• the company as those first ten people.

  • I think everyone's impression of recruiting is,

  • you open LinkedIn.

  • It's sort of like ordering off the dollar menu.

  • It's, I want that one, that one, and that one.

  • And, and now you have some hires.

  • Whereas at least for us, it was very much over a very

  • long time period, talking people we knew or

  • friends of friends into joining.

  • We didn't have huge networks, Pat and

  • I were both in college at the time.

  • So there were no people that

  • we'd really worked with to draw on, and so

  • a lot of those early Stripes were people we had heard of,

  • friends of friends, and the other interesting thing they

  • all had in common is that they were all

  • early in their career, or undervalued in some way.

  • Cuz when you think about it,

  • if someone is a known spectacular quantity,

  • then they're probably working in a job and

  • very happy with that.

  • And so we have to try and find people who were,

  • in the case of our designer that we hired, he was 18 and

  • in high school and in Sweden at the time.

  • In the case of our,

  • our CTO, he was in college at the time.

  • You know, a lot of these people,

  • they were early on in their careers and

  • the only way we could, you can relax when constrained.

  • You can relax the fact that they're talented or

  • relax that it's apparent that they're talented,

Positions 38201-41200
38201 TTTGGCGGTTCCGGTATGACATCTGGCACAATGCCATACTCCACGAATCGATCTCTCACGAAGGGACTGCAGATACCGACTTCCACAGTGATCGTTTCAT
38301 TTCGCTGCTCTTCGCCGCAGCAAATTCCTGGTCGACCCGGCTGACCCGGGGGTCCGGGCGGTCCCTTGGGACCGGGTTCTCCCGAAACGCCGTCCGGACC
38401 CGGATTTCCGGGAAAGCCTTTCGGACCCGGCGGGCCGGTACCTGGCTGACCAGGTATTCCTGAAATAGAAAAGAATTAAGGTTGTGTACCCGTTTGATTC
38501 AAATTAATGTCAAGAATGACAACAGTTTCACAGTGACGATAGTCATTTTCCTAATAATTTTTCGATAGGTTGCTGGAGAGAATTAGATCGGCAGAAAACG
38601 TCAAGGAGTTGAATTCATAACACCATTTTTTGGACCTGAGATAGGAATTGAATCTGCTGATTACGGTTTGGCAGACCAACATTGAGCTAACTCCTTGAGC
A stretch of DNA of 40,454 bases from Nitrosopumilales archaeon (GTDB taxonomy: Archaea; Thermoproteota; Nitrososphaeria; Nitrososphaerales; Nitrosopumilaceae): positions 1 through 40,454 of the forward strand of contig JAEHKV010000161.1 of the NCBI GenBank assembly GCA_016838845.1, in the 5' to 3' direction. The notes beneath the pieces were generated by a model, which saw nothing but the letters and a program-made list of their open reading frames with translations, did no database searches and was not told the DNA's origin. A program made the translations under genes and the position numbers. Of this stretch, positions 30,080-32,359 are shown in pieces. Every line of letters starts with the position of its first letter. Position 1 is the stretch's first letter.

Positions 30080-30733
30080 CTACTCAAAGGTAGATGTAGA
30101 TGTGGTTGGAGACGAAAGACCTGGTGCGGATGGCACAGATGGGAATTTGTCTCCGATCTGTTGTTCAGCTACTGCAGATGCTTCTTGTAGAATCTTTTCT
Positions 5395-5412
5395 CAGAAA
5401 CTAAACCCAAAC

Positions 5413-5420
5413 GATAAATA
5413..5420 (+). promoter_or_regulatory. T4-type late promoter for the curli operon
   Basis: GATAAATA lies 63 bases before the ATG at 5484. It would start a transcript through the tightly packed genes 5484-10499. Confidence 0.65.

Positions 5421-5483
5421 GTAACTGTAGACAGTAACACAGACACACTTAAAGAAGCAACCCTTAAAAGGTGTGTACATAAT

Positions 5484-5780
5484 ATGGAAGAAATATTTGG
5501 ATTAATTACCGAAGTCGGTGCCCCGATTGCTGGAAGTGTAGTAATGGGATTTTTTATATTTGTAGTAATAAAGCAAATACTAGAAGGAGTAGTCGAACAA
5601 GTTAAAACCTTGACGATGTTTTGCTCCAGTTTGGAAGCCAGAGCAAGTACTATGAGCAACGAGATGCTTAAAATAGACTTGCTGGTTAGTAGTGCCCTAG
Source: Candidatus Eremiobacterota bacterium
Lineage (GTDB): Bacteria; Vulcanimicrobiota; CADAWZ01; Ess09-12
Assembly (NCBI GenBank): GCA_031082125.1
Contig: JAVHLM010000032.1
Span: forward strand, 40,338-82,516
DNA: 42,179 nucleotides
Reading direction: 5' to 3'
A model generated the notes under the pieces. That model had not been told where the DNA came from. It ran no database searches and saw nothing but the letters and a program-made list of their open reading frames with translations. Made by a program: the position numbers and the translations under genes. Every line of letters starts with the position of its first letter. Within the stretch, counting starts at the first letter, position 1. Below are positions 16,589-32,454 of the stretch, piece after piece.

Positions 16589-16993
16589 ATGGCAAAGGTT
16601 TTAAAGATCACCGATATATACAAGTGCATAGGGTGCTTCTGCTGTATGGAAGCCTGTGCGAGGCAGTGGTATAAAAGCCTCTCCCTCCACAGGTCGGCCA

• and we, not consciously, but we relaxed the latter.

  • >> Yeah, I think finding kind of people who are, or

  • just think like a value investor.

  • You're looking for the human capital that's

  • significantly devalued by the market, you know?

  • You probably shouldn't look to

  • hire your brilliant friends at Facebook and Google or

  • whatever, because they're already discovered.

  • You know, if they're wanting to join that's great,

  • but they're probably harder to convince.

  • John and I spent a little a while yesterday

  • afternoon sort of trying to figure out in retrospect,

  • what kind of traits our first ten or

  • so people had in common that we thought were significant.

  • And you know, in general sort of in speaking about

  • culture, I sort of want to caveat everything we say

  • with, I that sort of advice is very limited experience,

  • widely over extrapolated.

  • And I think there's a lot of truth to that.